Medicine, Issue 74, Molecular Biology, Biomedical Engineering, Bioengineering, Cellular Biology, Anatomy, Physiology, Immunology, Surgery, Tissue Engineering, Nephrology, transplantation, rat, kidney, renal, acute rejection, allograft, imaging, histology, positron emisson tomography, PET, 18F-fluorodeoxyglucose, FDG, rat, animal model
4240
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Mouse Models for Graft Arteriosclerosis
Authors: Lingfeng Qin, Luyang Yu, Wang Min.
Institutions: Yale University School of Medicine , Yale University School of Medicine .
Graft arteriosclerois (GA), also called allograft vasculopathy, is a pathologic lesion that develops over months to years in transplanted organs characterized by diffuse, circumferential stenosis of the entire graft vascular tree. The most critical component of GA pathogenesis is the proliferation of smooth muscle-like cells within the intima. When a human coronary artery segment is interposed into the infra-renal aortae of immunodeficient mice, the intimas could be expand in response to adoptively transferred human T cells allogeneic to the artery donor or exogenous human IFN-γ in the absence of human T cells. Interposition of a mouse aorta from one strain into another mouse strain recipient is limited as a model for chronic rejection in humans because the acute cell-mediated rejection response in this mouse model completely eliminates all donor-derived vascular cells from the graft within two-three weeks. We have recently developed two new mouse models to circumvent these problems. The first model involves interposition of a vessel segment from a male mouse into a female recipient of the same inbred strain (C57BL/6J). Graft rejection in this case is directed only against minor histocompatibility antigens encoded by the Y chromosome (present in the male but not the female) and the rejection response that ensues is sufficiently indolent to preserve donor-derived smooth muscle cells for several weeks. The second model involves interposing an artery segment from a wild type C57BL/6J mouse donor into a host mouse of the same strain and gender that lacks the receptor for IFN-γ followed by administration of mouse IFN-γ (delivered via infection of the mouse liver with an adenoviral vector. There is no rejection in this case as both donor and recipient mice are of the same strain and gender but donor smooth muscle cells proliferate in response to the cytokine while host-derived cells, lacking receptor for this cytokine, are unresponsive. By backcrossing additional genetic changes into the vessel donor, both models can be used to assess the effect of specific genes on GA progression. Here, we describe detailed protocols for our mouse GA models.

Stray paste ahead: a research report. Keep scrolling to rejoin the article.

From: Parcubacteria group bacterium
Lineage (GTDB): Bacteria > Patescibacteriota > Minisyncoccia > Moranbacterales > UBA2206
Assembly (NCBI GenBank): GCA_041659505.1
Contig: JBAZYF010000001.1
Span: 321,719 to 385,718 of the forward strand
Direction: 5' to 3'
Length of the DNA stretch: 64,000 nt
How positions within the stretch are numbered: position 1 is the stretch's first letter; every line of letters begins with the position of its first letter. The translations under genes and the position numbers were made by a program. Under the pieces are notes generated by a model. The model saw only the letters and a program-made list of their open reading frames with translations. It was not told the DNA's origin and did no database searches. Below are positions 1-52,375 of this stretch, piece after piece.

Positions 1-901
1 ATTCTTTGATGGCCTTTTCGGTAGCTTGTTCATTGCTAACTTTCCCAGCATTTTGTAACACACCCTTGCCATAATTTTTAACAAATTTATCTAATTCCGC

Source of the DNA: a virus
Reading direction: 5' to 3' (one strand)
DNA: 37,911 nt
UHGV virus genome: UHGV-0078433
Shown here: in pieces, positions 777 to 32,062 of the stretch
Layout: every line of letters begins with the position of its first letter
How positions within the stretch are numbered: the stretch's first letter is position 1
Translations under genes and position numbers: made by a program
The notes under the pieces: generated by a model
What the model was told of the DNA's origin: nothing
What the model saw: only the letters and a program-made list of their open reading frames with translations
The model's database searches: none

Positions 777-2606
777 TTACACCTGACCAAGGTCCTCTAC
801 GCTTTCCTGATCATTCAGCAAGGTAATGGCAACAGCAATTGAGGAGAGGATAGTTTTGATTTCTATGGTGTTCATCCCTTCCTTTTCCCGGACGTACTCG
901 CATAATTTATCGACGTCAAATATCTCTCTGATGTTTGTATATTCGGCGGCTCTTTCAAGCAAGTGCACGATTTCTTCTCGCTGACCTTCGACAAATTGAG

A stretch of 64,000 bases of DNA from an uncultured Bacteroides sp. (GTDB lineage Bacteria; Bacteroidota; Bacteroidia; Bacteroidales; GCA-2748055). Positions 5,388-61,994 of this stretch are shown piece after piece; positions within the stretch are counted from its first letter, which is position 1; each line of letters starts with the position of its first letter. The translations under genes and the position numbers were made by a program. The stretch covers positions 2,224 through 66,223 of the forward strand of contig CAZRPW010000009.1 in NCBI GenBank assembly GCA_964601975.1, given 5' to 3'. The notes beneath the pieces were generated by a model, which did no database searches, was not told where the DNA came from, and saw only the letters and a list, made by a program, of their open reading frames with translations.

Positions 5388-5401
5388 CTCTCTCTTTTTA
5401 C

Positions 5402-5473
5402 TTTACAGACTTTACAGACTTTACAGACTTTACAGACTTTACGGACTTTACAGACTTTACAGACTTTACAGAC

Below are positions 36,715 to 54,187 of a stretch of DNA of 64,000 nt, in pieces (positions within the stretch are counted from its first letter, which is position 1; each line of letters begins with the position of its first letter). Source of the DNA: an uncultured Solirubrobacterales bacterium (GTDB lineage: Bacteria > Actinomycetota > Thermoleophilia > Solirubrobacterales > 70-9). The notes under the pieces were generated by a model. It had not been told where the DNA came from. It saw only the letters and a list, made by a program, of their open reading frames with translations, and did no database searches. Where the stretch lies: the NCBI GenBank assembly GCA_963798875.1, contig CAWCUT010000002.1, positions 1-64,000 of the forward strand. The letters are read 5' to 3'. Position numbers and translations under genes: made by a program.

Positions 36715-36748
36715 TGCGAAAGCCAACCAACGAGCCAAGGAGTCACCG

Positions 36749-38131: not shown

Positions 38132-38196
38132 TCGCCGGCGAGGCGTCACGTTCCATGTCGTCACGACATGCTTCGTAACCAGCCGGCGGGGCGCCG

Medicine, Issue 75, Anatomy, Physiology, Biomedical Engineering, Bioengineering, Cardiology, Pathology, Surgery, Tissue Engineering, Cardiovascular Diseases, vascular biology, graft arteriosclerosis, GA, mouse models, transplantation, graft, vessels, arteries, mouse, animal model, surgical techniques
50290
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Mouse Kidney Transplantation: Models of Allograft Rejection
Authors: George H. Tse, Emily E. Hesketh, Michael Clay, Gary Borthwick, Jeremy Hughes, Lorna P. Marson.
Institutions: The University of Edinburgh.